I am thankful for Stack Overflow

You’ve come through for me in my dark moments of swearing at Tetris, forgetting any and all JavaScript syntax, and more. I dedicate this lesson to all the Stack Overflow contributors who didn’t make me feel like a moron, and to all the new students fixing their bugs one at a time with 26 tabs open.

Fake book covers from the Practical Developer, mimicking O’Reilly textbooks

Stack Exchange Queries

One of the coolest things about learning Data Science and statistics is that we can apply our methods to any dataset that interests us. This is an excellent opportunity for creativity and expression. But it can be difficult to know where to begin; especially because our questions might be too advanced, or difficult to get data for. These lessons approach this problem by analyzing data from Software Engineering research, and guiding the learner through the findings. We also use sources like Stack Overflow, GitHub, and Eclipse (Java IDE) Bug Reports. For this lesson, it’s all about Stack Overflow tags. Stack Overflow is a forum where developers can ask and answer questions about code. There are other features to the site, like gaining reputation and earning badges, but above all else they market the site as “ask questions, get answers, no distractions”. There is certainly a culture to be reckoned with; as some people can be unkind to beginners on the site. But never fear, you are a coder and you belong.

In this lesson we use the Stack Exchange API to get data from Stack Overflow. We use this query to get a .csv file that pulls data from Stack Overflow. We can actually download that file to our local machine and work with the data from there.

Load Your Libraries


Load the Data

The data already exists in the data/stackoverflow folder, but if you download any of your own data from Stack Exchange, you will need to put that csv file in the correct location so that this R code can reach it in the correct path.

data <- read.csv("../data/stackoverflow/top10tags.csv")

#this is the same as calling head(data,13) which shows the top 13 rows, but put inside a "kable" which displays it nicely in RMarkdown
  kable_styling(bootstrap_options = c("striped", "hover"))
Month TagName X
2008-07-01 00:00:00 c# 3
2008-07-01 00:00:00 html 1
2008-08-01 00:00:00 android 4
2008-08-01 00:00:00 c# 513
2008-08-01 00:00:00 c++ 164
2008-08-01 00:00:00 html 111
2008-08-01 00:00:00 ios 9
2008-08-01 00:00:00 java 220
2008-08-01 00:00:00 javascript 161
2008-08-01 00:00:00 jquery 28
2008-08-01 00:00:00 php 162
2008-08-01 00:00:00 python 124
2008-09-01 00:00:00 android 9
#you can also use the View command to inspect the entire data frame

Summarize the Variables

Here we have the top 10 tags used on StackOverflow over time, with the number of questions containing that tag per month since 2008. Let’s summarize a bit more of what we have by going over each variable and making some tables. This is just a nice way to get yourself situated with the data.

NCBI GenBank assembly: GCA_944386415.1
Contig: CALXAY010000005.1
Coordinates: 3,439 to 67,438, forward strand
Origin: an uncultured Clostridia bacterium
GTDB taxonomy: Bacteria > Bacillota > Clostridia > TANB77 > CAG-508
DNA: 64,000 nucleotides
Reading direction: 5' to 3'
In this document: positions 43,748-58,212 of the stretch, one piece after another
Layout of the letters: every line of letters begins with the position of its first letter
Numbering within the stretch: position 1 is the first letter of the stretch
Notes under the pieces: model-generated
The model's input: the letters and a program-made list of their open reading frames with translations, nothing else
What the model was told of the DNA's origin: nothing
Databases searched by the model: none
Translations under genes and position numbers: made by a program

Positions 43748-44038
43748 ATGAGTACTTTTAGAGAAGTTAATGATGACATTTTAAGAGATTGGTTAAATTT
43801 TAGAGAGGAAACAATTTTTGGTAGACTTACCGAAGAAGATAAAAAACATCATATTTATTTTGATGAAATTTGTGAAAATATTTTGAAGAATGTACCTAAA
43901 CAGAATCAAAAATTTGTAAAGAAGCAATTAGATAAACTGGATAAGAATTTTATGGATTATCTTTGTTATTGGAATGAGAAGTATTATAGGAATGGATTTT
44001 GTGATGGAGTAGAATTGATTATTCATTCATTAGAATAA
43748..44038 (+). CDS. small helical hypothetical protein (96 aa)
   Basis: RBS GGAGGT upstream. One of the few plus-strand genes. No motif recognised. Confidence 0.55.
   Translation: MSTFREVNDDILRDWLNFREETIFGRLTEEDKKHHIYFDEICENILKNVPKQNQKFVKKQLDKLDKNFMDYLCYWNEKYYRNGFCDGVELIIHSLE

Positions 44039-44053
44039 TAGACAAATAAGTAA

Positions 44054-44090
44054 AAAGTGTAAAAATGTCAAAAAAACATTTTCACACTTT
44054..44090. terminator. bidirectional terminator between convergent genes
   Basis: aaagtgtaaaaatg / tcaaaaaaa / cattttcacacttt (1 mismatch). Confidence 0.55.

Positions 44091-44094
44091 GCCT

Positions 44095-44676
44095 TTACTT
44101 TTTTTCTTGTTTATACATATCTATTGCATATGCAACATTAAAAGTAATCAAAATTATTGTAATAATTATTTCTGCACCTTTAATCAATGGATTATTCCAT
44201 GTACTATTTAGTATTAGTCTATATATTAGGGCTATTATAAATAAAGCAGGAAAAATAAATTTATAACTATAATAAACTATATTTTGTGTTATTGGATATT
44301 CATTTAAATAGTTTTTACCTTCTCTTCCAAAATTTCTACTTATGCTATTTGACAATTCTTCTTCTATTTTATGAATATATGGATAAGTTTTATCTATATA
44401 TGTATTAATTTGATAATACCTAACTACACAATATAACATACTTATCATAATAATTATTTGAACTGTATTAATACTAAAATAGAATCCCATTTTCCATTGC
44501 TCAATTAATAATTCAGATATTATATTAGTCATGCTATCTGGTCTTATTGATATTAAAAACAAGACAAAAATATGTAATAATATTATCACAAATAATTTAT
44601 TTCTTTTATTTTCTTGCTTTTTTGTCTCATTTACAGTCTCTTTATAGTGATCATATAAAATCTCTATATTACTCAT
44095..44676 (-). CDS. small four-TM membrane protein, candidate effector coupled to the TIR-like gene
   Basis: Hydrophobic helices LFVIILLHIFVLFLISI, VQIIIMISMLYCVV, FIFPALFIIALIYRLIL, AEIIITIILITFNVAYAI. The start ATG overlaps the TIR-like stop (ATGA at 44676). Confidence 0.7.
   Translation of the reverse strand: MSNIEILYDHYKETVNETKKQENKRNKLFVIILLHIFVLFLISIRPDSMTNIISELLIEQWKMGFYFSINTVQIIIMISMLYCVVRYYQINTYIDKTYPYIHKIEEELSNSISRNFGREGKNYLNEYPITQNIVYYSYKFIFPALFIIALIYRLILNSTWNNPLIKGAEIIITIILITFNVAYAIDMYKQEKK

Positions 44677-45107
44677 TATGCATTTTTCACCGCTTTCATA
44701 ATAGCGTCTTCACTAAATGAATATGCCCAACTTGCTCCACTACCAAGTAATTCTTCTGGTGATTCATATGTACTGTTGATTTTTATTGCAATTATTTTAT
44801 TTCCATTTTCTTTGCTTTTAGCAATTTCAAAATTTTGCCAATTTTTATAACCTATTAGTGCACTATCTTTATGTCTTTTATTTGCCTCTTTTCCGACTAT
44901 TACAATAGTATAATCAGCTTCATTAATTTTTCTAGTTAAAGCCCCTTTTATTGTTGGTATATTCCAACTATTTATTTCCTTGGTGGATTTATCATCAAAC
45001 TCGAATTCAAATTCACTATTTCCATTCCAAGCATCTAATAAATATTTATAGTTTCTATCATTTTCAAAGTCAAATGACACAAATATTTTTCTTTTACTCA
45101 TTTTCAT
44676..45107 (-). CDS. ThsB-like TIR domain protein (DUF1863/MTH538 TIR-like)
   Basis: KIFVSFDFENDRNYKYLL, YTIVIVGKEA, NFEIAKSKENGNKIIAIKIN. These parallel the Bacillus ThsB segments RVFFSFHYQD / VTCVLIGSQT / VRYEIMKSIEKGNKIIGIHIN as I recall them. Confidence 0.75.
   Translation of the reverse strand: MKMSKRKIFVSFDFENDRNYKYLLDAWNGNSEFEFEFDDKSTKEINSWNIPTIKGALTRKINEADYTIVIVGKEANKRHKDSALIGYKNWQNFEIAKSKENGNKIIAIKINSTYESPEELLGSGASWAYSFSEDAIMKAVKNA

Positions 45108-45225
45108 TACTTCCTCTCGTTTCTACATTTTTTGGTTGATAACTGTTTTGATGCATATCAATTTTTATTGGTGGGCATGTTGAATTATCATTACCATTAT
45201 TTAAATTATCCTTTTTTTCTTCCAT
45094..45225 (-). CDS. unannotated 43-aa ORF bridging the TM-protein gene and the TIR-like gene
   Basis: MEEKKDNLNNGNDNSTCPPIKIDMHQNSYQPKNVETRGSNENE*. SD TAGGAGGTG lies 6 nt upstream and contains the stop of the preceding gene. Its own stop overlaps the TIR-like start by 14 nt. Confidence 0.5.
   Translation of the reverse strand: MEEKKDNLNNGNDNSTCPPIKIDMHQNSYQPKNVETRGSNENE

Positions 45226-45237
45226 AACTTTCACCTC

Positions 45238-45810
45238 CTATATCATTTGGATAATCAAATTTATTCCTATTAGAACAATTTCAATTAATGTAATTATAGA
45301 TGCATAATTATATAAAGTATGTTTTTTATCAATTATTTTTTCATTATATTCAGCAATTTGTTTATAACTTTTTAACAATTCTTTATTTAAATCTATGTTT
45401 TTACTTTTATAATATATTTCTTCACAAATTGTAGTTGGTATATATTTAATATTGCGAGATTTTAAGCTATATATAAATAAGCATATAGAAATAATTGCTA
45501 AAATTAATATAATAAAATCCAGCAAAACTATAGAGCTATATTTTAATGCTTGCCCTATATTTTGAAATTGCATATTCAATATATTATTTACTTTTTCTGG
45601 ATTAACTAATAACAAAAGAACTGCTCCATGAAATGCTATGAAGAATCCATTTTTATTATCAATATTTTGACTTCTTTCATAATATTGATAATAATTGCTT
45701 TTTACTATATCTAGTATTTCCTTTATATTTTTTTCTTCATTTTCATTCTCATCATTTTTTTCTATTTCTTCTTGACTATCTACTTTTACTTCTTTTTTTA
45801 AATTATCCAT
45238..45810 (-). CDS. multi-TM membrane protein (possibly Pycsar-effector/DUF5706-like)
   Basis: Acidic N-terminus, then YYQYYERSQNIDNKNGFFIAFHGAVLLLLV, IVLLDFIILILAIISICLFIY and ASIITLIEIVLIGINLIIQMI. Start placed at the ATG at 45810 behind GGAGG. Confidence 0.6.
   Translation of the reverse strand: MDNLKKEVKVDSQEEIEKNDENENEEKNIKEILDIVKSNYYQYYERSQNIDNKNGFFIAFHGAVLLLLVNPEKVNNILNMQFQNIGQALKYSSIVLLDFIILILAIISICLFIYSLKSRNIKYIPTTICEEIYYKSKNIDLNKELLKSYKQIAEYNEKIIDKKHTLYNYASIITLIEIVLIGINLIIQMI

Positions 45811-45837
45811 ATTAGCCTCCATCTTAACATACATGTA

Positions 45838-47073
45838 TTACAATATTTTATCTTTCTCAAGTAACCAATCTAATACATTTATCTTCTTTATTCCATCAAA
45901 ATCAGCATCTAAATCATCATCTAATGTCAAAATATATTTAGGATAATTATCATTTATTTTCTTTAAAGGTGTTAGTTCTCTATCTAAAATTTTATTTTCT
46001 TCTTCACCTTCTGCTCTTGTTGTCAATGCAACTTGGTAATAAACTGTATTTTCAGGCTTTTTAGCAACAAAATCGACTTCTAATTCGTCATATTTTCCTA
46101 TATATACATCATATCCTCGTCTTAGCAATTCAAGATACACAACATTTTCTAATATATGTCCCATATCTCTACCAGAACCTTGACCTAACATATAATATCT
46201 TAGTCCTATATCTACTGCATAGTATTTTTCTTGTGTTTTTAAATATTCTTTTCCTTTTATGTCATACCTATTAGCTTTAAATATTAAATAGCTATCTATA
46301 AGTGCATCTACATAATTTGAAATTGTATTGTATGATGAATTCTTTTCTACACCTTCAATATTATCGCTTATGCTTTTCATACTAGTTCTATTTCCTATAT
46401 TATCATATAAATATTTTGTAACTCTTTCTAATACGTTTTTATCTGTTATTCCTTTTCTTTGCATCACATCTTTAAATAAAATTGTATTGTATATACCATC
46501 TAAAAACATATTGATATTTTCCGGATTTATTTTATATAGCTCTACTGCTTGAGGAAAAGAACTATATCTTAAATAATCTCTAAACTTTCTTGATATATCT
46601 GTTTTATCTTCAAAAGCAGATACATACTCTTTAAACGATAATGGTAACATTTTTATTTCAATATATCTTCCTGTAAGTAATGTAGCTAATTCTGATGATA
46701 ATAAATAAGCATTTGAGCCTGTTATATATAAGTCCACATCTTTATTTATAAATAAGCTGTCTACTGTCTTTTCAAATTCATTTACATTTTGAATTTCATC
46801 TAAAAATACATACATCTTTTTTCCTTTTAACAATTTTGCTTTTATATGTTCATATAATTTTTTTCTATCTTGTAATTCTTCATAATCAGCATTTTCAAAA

##    android         c#        c++       html        ios       java 
##        133        134        133        134        133        133 
## javascript     jquery        php     python 
##        133        133        133        133
##    Min. 1st Qu.  Median    Mean 3rd Qu.    Max. 
##       1    4182    8364    8675   12476   24202
  kable_styling(bootstrap_options = c("striped", "hover"))
Month TagName X
1320 2019-07-01 00:00:00 jquery 4129
1321 2019-07-01 00:00:00 php 8429
1322 2019-07-01 00:00:00 python 23483
1323 2019-08-01 00:00:00 android 5262
1324 2019-08-01 00:00:00 c# 5679
1325 2019-08-01 00:00:00 c++ 2460
1326 2019-08-01 00:00:00 html 4397
1327 2019-08-01 00:00:00 ios 1820
1328 2019-08-01 00:00:00 java 7089
1329 2019-08-01 00:00:00 javascript 10873
1330 2019-08-01 00:00:00 jquery 2119
1331 2019-08-01 00:00:00 php 4748
1332 2019-08-01 00:00:00 python 13024

Total Tags and dplyr Intro

We’ve explored the data a little bit, but there are important insights in summarizing that data into totals. We do that by using dplyr, part of the tidyverse. It is a package that allows for verb-driven data manipulation. Basically, that means that there are slightly more intuitive names for stuff you can do to your data. In the below example, we care about collapsing over Month and gathering up the total number of questions with the given tag, across all time values.

We still want to separate the top 10 tags from one another. Let’s look at what happens if we don’t include group_by(TagName) in our code:

not_so_helpful <- data %>%
##        sum
## 1 11555029

It actually only gives us one number back. This is the total number of questions collected in our dataset as a whole. This is across tags and Month. But we would still like to know about the different tags, so we use the following dplyr code to achieve that, including a step where we arrange() the data in descending order. Next we create a ggplot bar plot to show the total questions with the top 10 Stack Overflow tags.

#summarizing up the totals, collapsing over Month
summary <- data %>%
  group_by(TagName) %>%

  kable_styling(bootstrap_options = c("striped", "hover"))
TagName sum
javascript 1856183
java 1577823
c# 1336488
php 1301057
python 1228792
android 1214594
jquery 962366
html 842133
c++ 629479
ios 606114
  ggtitle("Total Questions With Top 10 Stack Overflow Tags")+

Tags Over Time By Month

Let’s reintroduce the Month variable and take a look at how the tags differ from month to month, over time. Note, this is not total over time, but the number of questions using that tag on that given day. Therefore, the curves will not be smooth or always increasing.

NOTE: oh crap are we just getting the data for that specific day of the month but not collecting all days? this isn’t total totals over time then it’s a sample oops

plt = ggplot(data,aes(Month,X,group=TagName,color=TagName))+
  ggtitle("Top 10 Stack Overflow Tags Over Time")+